Brussels is a very green city, with over 8,000 hectares of green spaces. Parks that are worth paying a visit and ideal for anyone who is simply looking for some nature include the Royal Parc, Parc Egmont, the gardens of Mont des Arts and Petit Sablon, Parc du Cinquantenaire, Parc Leopold and Tervuren Parc.
Belgium is one of thé cycling-countries in the world, and there is a wide variety of cycle-networks in the entire country. One of the best routes follows the Green Belt around Brussels, a belt of forests, parks and gardens where also several small castles, breweries and towns can be visited at the same time.
The Palace is the place where His Majesty the King exercises his prerogatives as Head of State. It is at the Palace that the King grants audiences and deals with affairs of state. The Royal Palace exhibits several baroque rooms and classic and contemporary artworks. Every year from the 21st of July until September, the Royal Palace can be visited by the public. If the flag at the top of the Palace is raised, King Albert II, the sixed King of Belgium, is present at the palace.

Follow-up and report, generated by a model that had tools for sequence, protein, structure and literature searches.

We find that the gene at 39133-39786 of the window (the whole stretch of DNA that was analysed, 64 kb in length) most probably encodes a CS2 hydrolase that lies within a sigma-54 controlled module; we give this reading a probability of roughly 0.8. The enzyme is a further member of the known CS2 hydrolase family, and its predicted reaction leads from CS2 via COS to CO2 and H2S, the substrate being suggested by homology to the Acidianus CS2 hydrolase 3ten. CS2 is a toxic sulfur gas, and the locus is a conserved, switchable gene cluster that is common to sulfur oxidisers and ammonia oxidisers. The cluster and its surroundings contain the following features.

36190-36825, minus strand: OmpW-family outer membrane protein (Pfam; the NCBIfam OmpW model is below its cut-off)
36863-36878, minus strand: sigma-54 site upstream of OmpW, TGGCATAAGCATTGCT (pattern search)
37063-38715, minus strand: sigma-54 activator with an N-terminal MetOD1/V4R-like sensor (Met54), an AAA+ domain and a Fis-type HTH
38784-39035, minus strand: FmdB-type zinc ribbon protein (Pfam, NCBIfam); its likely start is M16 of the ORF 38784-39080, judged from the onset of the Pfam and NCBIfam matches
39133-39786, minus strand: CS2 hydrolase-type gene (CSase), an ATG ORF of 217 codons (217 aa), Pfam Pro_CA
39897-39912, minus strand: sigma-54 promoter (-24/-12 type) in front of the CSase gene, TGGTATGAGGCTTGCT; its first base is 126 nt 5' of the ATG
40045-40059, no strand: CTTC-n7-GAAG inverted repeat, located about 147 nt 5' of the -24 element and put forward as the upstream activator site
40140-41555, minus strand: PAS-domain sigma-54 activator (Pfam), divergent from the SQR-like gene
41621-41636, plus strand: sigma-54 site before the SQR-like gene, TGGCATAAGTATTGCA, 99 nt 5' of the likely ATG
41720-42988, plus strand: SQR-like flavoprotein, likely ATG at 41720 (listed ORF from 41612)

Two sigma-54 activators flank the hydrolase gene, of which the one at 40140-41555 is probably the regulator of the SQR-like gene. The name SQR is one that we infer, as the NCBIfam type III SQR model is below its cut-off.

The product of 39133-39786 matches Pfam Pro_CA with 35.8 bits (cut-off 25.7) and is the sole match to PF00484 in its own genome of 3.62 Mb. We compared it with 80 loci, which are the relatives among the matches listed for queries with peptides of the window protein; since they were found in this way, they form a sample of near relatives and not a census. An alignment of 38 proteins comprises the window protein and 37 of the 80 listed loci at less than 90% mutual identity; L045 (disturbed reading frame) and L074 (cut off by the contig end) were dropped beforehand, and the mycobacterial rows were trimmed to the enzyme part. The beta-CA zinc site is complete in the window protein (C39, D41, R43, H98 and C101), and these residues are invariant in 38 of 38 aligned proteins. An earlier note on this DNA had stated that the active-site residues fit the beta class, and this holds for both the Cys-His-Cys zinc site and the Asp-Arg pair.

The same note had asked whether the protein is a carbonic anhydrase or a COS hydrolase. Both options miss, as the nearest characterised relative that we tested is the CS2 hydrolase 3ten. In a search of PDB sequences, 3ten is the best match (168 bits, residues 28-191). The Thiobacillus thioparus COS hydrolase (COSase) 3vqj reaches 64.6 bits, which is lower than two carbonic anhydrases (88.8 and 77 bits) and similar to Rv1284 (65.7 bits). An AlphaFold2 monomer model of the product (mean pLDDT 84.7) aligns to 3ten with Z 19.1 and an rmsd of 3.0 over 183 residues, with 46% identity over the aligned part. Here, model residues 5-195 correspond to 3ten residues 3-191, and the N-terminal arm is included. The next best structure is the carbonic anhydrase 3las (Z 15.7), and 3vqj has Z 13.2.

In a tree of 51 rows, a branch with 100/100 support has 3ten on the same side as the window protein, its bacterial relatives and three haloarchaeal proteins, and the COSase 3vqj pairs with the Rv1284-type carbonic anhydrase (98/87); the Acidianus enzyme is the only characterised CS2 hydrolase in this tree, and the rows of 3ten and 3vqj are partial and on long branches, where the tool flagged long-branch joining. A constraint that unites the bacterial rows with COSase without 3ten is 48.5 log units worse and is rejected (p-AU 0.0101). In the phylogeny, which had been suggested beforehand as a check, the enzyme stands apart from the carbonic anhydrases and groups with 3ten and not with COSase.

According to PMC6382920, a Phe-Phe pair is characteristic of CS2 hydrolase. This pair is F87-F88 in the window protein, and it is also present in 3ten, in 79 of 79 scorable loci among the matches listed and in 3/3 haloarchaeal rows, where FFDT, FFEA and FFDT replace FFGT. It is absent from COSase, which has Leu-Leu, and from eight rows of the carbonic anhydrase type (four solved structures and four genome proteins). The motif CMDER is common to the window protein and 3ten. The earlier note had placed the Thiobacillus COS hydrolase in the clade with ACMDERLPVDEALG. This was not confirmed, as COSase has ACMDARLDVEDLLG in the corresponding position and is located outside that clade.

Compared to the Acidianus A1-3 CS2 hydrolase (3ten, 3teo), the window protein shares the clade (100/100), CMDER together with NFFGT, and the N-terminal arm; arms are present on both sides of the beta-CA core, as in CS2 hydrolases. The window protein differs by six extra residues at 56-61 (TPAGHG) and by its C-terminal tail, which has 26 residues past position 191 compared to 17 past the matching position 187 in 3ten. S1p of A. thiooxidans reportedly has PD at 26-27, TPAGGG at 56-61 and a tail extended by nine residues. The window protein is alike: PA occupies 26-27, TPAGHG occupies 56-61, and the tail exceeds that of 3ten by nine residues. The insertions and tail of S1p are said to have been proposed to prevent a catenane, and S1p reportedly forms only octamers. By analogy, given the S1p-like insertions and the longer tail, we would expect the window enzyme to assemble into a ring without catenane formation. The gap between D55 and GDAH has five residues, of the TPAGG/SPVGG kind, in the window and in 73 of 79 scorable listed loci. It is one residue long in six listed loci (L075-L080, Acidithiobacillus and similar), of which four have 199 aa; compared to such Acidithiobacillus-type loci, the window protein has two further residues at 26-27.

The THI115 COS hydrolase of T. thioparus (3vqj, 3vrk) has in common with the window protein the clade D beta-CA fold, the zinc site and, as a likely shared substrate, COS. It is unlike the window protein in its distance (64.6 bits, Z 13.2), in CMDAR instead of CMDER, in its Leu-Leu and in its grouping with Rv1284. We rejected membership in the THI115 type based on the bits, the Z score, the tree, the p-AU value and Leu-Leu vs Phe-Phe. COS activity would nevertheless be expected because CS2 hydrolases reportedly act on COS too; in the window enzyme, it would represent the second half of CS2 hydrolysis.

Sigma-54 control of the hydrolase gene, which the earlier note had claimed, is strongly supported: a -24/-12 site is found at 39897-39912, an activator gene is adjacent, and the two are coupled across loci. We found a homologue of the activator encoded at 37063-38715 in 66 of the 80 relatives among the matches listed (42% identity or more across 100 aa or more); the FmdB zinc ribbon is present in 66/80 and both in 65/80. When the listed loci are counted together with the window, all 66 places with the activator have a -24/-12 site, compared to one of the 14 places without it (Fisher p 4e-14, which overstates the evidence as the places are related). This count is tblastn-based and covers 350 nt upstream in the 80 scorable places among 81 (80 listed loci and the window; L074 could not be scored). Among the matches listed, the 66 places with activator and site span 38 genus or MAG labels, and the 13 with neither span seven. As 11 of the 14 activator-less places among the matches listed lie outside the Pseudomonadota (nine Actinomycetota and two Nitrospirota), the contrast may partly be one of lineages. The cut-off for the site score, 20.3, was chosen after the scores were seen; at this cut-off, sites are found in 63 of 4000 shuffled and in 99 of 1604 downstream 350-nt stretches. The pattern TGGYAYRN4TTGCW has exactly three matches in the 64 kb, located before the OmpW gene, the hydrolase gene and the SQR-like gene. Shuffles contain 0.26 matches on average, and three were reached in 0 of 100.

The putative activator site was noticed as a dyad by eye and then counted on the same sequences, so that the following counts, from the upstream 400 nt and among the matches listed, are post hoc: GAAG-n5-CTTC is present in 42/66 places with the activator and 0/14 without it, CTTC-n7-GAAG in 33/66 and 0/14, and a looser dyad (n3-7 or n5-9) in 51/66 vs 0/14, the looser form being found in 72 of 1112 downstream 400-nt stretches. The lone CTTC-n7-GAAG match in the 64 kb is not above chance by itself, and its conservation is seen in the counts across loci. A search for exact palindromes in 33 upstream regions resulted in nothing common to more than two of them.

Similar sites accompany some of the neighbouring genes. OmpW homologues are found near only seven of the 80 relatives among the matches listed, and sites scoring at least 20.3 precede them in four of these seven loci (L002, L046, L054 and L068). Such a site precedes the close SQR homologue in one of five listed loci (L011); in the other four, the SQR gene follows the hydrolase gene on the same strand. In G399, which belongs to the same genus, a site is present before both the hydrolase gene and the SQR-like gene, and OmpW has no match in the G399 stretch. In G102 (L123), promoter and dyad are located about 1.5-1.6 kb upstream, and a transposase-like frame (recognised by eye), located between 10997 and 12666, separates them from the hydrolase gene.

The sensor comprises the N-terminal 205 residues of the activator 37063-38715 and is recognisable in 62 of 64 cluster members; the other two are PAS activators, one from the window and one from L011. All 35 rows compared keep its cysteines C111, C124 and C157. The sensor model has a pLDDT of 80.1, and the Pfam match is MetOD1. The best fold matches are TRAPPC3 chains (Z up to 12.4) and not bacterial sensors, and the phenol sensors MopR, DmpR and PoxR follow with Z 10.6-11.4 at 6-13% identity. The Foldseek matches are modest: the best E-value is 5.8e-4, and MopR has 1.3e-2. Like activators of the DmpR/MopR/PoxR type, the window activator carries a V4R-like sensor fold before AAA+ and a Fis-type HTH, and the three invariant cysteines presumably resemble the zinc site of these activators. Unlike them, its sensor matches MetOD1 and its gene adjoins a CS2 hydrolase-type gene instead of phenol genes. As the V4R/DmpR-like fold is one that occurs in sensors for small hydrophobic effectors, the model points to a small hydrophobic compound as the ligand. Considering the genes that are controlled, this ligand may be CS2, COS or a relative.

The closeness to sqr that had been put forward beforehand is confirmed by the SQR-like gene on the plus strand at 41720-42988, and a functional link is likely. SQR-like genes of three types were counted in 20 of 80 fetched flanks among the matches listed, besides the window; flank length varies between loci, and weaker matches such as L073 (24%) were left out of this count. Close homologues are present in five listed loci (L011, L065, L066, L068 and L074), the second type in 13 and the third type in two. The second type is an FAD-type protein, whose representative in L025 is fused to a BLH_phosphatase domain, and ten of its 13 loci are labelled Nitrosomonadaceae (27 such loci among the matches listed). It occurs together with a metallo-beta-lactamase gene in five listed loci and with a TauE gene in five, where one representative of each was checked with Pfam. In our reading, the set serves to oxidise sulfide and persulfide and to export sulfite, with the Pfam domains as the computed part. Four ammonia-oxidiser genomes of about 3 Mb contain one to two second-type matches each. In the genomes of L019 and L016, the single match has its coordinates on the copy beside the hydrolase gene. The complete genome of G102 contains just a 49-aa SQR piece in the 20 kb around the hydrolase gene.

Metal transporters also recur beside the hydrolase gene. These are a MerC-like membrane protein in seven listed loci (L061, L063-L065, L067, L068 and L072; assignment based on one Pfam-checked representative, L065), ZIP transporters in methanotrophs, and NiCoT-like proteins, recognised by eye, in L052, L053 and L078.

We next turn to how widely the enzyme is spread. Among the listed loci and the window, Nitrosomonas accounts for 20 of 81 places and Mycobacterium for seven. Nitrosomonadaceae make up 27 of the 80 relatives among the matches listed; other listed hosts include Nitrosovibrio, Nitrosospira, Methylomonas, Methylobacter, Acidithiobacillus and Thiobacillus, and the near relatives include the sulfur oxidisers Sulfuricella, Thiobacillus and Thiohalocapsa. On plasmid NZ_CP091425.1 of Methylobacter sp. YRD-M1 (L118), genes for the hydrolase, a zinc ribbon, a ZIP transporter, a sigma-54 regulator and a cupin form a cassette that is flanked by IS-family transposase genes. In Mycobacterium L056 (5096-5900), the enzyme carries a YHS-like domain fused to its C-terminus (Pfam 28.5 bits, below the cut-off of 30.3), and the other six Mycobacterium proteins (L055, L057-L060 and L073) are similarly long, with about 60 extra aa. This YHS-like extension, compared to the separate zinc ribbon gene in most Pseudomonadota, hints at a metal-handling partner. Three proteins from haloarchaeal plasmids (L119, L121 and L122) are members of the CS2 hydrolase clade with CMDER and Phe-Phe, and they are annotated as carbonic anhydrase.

Did you know that:
- The Royal Palace in Brussels is larger than Buckingham Palace?
- The pralines chocolates were invented in Brussels in 1912?
- The world’s biggest chocolate selling point is Brussels International Airport?
- The world’s deepest swimming pool, reaching a depth of 35 meters, is in Brussels?
- The first railway built in continental Europe started in Brussels?
- Karl Marx wrote his Manifesto during his exile in Brussels?
- The Brussels sprouts were first mentionned in 1587 in the vicinity of Brussels?
- Brussels is home to Europe’s oldest shopping arcades: the Galeries St Hubert which opened in 1847?